MLA Members for Scholars’ Rights, lead by Russell Berman and Cary Nelson, is a small group of academics that Israeli agencies and pro-Israel lobby organizations in the US have endorsed in the battle against academic boycott. Scholars’ Rights came into existence primarily to oppose MLA Members for Justice in Palestine and seeks single-mindedly to undermine solidarity with Palestinians among academics. Behind its shallow liberal discourse on academic freedom, the Scholars’ Rights group engages in all manner of misinformation and misrepresentation to defend Israel from growing public criticism.
To garner support for the anti-boycott Resolution 2017-1 that Russell Berman and Martin Shichtman proposed at the MLA Convention, and is currently subject to a members’ ratification vote, Scholars’ Rights launched a massive email campaign on Tuesday May 16, spamming a large segment of the MLA membership. The nature and format of the May 16 email, which was sent possibly to several thousand MLA members reveals the suspect ethical character of this pro-Israel group.
First, by spamming the membership, Scholar’s Rights violated MLA rules on use of member contact information. No matter how, the group managed to generate the mailing list, MLA policies on membership privacy clearly prohibit the compiling and retention of member contact information:
To protect members’ privacy, the MLA does not allow use of the online Member Search for commercial purposes, nor does it allow the collection and retention of member information for mass mailings of any kind. The MLA may at its sole discretion remove the search privileges of any member.
Second, the opening line of the email uses the formulation “the executive committee of MLA Members for Scholars’ Rights is writing,” which may mislead readers, who could mistakenly think the correspondence comes from the executive council of the MLA. For many unsuspecting MLA members, who received the message out of the blue and are not informed about the debate on Resolution 2017-1, the email may look like official correspondence from an official entity within the association.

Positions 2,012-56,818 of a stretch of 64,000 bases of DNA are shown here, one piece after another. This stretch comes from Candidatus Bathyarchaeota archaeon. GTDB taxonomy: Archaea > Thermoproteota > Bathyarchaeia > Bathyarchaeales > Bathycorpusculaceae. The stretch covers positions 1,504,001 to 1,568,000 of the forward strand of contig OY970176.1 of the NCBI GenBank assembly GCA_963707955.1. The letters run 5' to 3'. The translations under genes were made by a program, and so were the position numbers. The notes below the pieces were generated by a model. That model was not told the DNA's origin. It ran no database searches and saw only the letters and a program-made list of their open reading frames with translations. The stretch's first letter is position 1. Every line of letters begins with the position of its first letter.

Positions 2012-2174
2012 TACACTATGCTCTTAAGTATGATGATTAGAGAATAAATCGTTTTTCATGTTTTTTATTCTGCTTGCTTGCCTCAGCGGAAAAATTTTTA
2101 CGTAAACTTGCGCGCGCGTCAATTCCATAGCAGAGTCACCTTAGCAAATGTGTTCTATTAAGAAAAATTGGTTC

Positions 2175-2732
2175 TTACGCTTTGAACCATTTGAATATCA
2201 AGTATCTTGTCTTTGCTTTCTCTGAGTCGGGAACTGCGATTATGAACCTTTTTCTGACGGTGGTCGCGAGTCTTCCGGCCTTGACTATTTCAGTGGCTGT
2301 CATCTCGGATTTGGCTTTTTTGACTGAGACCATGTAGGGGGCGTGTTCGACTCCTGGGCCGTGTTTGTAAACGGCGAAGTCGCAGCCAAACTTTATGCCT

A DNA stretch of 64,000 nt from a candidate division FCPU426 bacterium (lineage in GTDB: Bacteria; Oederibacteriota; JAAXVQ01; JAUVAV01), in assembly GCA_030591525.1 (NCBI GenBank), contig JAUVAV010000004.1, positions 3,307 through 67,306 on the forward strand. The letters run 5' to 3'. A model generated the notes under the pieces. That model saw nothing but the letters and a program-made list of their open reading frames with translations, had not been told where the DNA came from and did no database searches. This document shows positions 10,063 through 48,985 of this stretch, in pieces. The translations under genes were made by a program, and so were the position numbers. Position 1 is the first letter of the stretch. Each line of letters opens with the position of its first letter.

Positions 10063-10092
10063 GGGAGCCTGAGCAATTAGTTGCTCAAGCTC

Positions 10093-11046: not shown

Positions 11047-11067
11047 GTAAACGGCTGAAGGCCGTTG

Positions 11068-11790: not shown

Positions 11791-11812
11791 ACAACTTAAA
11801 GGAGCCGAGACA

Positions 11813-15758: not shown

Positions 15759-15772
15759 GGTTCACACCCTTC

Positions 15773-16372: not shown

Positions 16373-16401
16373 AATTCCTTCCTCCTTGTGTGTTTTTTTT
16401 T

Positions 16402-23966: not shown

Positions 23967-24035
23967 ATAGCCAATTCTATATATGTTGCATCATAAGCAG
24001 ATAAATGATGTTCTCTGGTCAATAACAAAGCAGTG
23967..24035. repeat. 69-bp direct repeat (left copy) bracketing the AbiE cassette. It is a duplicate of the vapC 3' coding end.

Third, despite the disclaimer in small print at the bottom of the message, this confusion of the Executive Committee of MLA Members for Scholars’ Rights with the Executive Council of the MLA is reinforced by a polished if rather bland video endorsing Resolution 2017-1. The video features in its opening segment MLA Executive Council member David Pan, who is also an outspoken supporter of MLA Members for Scholars’ Rights. In the video Pan explains the mission of the MLA from a position of assumed authority. The video also includes extensive segments with former MLA President Russell Berman, which lends the video a quasi-official veneer.
And finally, the letter and the video suggest that MLA members who do not vote “Yes” to Resolution 2017-1 are in effect casting a vote to endorse the boycott of Israeli academic institutions. Here again the message from Scholars’ Rights muddies the waters, creating futher confusion among MLA members who might incorrectly think that the ballot includes a resolution in support of the academic boycott of Israel. The MLA does not endorse the boycott of Israel and the membership is not voting on a resolution to endorse the boycott.